Laughter is an indicator of happiness, which is in turn an indicator of a great (shocking) marriage. Make fun and laughter a priority in your marriage!

NOTE: If Laughter and fun are important to you, that should be a part of the Vision for your marriage. If you’ve not created a Vision, consider crafting one in our free course. It will walk you through the process of creating and living out a vision that can guide your relationship into the future!

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Valentine’s Day – Pleasure or Pressure?

be mine inscription with bunch of roses
Photo by Gabby K on Pexels.com

Valentine’s Day fascinates me. No so much the day itself, but rather how people respond to it. Years ago when I was in High School, they used to sell carnations leading up to the day. They had different colors to represent different feelings. Red was for love, green was for friendship, etc. The thing I remember most about that was the day the flowers were delivered. It clearly put people (especially girls) into one of two camps: those that got a flower(s) and those that did not. There were a lot of tears shed when highly coveted and anticipated flowers were never delivered.

Today, Valentine’s Day has become less about men trying to show affection to women and the responsibility is more equally shared. While the spirit of the day is to show love and affection, it’s become an obligation to do something showy. You don’t want to be the couple that did less than your friends or coworkers. Pressure from social media, retailers, florists and restaurants imply that if you love someone, you will do something very special for them on this day. If you do nothing, you must not care at all.

I am a huge fan of expressing love and affection in a relationship, especially in marriage. We should never become complacent or take our spouse for granted. Valentine’s Day is an opportunity to show your feelings toward your spouse. But my question is this. Are you celebrating the day to show your true feelings, or are you caving in to social pressure because every one else is?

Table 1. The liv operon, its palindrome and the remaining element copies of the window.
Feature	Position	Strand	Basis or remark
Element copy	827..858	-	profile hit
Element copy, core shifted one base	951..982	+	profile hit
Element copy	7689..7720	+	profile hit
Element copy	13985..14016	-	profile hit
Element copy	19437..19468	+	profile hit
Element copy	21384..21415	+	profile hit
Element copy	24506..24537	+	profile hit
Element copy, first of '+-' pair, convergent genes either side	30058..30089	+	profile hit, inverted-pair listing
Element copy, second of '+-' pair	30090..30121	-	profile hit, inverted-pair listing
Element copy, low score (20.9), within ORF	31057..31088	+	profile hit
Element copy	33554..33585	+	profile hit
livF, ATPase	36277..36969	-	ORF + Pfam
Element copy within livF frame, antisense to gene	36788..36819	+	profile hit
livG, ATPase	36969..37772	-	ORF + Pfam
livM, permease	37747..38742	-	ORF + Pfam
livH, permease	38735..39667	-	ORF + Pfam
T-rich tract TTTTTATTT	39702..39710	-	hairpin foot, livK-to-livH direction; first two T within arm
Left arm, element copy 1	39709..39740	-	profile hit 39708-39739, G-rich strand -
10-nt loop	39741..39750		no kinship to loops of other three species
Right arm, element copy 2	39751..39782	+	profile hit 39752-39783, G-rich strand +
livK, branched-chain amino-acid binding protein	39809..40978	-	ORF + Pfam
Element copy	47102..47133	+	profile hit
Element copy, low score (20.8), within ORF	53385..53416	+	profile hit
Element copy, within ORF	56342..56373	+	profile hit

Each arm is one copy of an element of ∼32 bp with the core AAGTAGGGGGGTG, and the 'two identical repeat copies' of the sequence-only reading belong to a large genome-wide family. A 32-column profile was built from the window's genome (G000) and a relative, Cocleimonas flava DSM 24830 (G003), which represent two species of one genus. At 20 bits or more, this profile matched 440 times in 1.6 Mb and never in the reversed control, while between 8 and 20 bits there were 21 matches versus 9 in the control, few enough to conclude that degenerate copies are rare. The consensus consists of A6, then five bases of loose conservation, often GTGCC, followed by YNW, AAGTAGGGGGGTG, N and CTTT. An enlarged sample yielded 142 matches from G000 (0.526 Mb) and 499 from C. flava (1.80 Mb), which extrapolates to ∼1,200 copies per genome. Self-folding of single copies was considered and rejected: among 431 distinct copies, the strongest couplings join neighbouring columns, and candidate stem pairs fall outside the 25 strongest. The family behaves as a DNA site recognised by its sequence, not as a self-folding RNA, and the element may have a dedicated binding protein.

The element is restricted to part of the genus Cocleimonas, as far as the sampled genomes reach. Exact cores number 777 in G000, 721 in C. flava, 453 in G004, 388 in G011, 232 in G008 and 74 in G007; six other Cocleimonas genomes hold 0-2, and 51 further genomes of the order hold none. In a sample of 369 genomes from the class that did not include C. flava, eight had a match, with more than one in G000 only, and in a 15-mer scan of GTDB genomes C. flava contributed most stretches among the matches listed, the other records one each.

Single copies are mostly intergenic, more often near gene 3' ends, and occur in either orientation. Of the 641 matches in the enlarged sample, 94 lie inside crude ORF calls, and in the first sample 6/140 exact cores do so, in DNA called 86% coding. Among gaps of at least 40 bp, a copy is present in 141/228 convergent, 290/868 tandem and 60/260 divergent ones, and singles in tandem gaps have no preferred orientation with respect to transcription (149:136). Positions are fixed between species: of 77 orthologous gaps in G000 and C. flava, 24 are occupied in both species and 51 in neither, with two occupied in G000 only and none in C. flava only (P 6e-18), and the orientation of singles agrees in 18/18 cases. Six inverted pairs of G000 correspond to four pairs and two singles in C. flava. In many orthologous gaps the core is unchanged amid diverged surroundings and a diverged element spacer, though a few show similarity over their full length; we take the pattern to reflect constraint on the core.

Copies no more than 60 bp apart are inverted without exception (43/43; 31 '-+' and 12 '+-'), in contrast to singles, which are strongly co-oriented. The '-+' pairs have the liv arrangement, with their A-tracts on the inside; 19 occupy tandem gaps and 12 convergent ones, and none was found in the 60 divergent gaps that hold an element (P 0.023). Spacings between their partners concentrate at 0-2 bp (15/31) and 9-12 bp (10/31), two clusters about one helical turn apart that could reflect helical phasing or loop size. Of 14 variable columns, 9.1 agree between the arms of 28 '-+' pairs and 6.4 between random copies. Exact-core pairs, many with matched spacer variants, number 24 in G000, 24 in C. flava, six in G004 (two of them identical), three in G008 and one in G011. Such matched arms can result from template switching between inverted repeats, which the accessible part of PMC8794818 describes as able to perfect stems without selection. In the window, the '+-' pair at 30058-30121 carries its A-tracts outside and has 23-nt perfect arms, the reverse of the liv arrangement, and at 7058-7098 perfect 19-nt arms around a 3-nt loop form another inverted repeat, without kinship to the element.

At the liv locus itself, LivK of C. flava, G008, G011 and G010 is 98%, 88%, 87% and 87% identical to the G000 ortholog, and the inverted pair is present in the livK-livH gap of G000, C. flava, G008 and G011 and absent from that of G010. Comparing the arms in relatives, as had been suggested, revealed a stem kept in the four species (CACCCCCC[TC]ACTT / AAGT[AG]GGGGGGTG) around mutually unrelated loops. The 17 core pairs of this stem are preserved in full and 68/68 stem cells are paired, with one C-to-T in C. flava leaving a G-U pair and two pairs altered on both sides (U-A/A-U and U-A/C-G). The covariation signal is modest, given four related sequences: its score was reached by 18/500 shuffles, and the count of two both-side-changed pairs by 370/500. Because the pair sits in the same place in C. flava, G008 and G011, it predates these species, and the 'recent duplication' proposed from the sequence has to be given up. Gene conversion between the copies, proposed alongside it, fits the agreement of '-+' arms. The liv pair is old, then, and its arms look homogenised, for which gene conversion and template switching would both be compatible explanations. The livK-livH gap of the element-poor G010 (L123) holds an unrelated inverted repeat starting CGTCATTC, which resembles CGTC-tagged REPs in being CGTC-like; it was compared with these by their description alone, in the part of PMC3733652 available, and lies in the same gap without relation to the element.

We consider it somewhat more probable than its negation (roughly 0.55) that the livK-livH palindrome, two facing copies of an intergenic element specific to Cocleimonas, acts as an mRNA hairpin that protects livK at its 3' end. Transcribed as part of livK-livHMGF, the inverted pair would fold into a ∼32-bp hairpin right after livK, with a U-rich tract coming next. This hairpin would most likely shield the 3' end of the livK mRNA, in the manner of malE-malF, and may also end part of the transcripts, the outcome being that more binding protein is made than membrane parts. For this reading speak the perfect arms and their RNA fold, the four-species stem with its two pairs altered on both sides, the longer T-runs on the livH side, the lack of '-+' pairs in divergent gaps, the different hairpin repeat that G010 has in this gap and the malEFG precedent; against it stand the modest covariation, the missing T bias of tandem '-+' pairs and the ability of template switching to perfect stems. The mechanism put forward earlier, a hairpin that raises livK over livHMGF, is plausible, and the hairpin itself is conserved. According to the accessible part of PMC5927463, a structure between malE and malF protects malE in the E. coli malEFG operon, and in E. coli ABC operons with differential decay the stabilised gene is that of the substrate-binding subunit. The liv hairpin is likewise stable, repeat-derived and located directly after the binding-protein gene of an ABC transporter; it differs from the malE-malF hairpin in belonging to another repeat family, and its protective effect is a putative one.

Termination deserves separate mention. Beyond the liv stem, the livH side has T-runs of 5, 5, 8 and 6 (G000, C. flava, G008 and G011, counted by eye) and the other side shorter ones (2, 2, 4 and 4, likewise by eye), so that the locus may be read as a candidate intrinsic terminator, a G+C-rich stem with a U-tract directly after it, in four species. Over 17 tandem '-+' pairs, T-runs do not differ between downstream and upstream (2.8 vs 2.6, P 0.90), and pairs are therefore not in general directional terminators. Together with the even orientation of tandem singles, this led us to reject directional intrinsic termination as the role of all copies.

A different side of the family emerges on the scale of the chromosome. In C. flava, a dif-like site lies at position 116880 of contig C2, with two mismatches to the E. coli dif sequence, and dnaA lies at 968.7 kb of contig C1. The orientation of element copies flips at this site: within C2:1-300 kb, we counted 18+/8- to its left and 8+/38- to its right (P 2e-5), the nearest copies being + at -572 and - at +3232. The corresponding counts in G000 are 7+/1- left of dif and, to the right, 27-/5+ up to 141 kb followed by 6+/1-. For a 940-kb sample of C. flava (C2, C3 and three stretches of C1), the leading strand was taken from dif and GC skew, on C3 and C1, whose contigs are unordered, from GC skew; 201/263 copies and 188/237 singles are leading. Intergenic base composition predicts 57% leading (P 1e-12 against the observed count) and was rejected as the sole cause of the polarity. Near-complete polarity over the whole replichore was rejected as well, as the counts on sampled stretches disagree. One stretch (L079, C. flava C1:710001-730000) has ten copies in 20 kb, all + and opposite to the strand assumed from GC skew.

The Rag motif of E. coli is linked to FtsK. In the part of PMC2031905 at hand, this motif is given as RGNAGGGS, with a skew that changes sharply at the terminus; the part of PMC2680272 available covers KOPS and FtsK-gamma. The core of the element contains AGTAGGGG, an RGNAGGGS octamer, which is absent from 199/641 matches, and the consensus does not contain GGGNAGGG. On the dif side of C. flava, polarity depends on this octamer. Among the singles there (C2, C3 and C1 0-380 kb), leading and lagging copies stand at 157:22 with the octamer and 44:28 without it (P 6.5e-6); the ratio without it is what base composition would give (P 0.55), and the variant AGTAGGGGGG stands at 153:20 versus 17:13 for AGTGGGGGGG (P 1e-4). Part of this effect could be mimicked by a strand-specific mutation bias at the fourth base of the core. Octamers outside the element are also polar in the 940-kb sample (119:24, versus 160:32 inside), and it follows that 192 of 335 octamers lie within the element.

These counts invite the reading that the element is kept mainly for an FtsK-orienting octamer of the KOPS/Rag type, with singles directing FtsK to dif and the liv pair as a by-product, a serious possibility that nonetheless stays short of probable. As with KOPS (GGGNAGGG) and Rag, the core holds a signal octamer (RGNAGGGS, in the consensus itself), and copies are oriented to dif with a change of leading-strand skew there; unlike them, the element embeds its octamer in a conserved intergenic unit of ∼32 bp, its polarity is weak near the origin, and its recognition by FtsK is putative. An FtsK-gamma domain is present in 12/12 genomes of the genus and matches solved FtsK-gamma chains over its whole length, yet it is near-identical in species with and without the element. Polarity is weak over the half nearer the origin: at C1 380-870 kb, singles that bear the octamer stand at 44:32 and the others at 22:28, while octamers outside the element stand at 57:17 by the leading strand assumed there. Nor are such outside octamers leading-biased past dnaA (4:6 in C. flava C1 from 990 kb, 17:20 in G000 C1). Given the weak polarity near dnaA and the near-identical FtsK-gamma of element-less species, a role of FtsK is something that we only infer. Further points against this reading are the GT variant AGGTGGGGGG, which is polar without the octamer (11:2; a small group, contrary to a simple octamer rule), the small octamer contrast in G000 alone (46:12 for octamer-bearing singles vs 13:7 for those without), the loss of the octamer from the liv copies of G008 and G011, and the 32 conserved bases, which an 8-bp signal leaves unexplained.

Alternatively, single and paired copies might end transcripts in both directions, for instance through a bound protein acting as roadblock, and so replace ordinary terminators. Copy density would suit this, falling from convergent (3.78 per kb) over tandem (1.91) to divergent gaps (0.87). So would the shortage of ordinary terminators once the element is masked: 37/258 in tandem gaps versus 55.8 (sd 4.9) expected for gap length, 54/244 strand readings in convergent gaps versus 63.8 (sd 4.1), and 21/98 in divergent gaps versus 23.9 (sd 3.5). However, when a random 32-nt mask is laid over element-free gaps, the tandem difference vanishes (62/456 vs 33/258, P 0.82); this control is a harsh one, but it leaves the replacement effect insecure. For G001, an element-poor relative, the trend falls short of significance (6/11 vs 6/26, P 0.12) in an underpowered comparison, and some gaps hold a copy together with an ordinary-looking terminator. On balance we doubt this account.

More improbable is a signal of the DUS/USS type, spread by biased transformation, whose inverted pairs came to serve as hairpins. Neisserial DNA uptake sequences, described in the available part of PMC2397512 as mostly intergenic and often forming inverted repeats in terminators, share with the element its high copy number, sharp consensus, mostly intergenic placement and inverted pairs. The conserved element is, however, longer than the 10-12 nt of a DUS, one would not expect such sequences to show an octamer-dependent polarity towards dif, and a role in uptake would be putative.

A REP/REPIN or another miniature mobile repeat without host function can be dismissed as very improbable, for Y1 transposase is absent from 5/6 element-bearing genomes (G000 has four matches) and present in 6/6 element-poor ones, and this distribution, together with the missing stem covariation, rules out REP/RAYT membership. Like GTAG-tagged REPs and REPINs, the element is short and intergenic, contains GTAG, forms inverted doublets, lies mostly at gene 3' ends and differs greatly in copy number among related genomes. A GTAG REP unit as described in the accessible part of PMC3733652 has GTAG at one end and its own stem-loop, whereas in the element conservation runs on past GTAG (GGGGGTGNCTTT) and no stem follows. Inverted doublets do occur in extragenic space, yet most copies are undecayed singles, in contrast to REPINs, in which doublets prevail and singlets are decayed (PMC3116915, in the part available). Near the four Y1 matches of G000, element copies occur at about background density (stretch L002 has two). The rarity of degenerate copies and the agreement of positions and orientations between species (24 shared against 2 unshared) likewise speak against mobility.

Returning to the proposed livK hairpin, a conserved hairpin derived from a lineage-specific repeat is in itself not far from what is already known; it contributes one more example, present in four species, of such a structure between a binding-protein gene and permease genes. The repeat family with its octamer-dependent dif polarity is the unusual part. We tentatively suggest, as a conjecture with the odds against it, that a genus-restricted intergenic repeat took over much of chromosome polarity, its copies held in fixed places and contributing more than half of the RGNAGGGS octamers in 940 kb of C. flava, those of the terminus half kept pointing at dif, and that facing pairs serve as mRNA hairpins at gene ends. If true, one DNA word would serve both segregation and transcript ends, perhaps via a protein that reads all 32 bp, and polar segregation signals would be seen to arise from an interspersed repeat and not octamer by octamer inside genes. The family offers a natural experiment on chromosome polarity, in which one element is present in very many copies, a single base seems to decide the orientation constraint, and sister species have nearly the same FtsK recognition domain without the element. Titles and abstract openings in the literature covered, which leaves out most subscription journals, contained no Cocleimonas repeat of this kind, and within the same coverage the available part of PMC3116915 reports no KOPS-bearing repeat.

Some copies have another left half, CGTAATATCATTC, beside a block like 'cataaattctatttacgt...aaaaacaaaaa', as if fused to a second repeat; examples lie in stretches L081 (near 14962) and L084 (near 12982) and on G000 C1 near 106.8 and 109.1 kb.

In our early years of dating and marriage, Valentines Day was a huge deal for me. My love language is gifts, so it was natural for me to express my feelings by buying something special or taking my wife to a nice restaurant. What is interesting, is that her love language is acts of service. She appreciated the things I would purchase, but never came to expect them. During this same timeframe, I remember being disappointed when the day would come and go and there would no reciprocal gift giving (from her to me). It honestly, just never occurred to her.

As a result, most Valentines Days come and go for us with minimal recognition. She doesn’t expect anything, and I typically don’t do much. Now, having said that, let me clarify something. Just because I don’t cave into the pressure to do something on this specific day doesn’t mean that I don’t do things. I still love to express my affection for her through the purchasing of gifts (though I also perform acts of service as well to speak her language). But what I’ve found is that in our marriage, these gifts are far more meaningful when I give them for no specific reason. If I bring her flowers in mid-March, it simply sends the message that I was thinking of her and I love her. To my wife that is more meaningful than to receive roses on Valentine’s Day where she might suspect I simply gave into peer pressure or advertising.

The key is to do what your spouse most appreciates. Not all spouses are like my wife. You may be married to someone that would be terribly disappointed if you didn’t get them something specifically on Valentine’s Day. If that’s the case, please don’t disappoint them. But I can assure you that not limiting this expression of love to one day of the year will be at least equally appreciated, probably more so.

For many, Valentine’s Day serves as a calendar reminder to show our affections. Nothing wrong with that. But I encourage you to check your motivations to ensure that you really are expressing love, not just complying to social pressures. Show your love throughout the year.

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Cast a Vision for your Marriage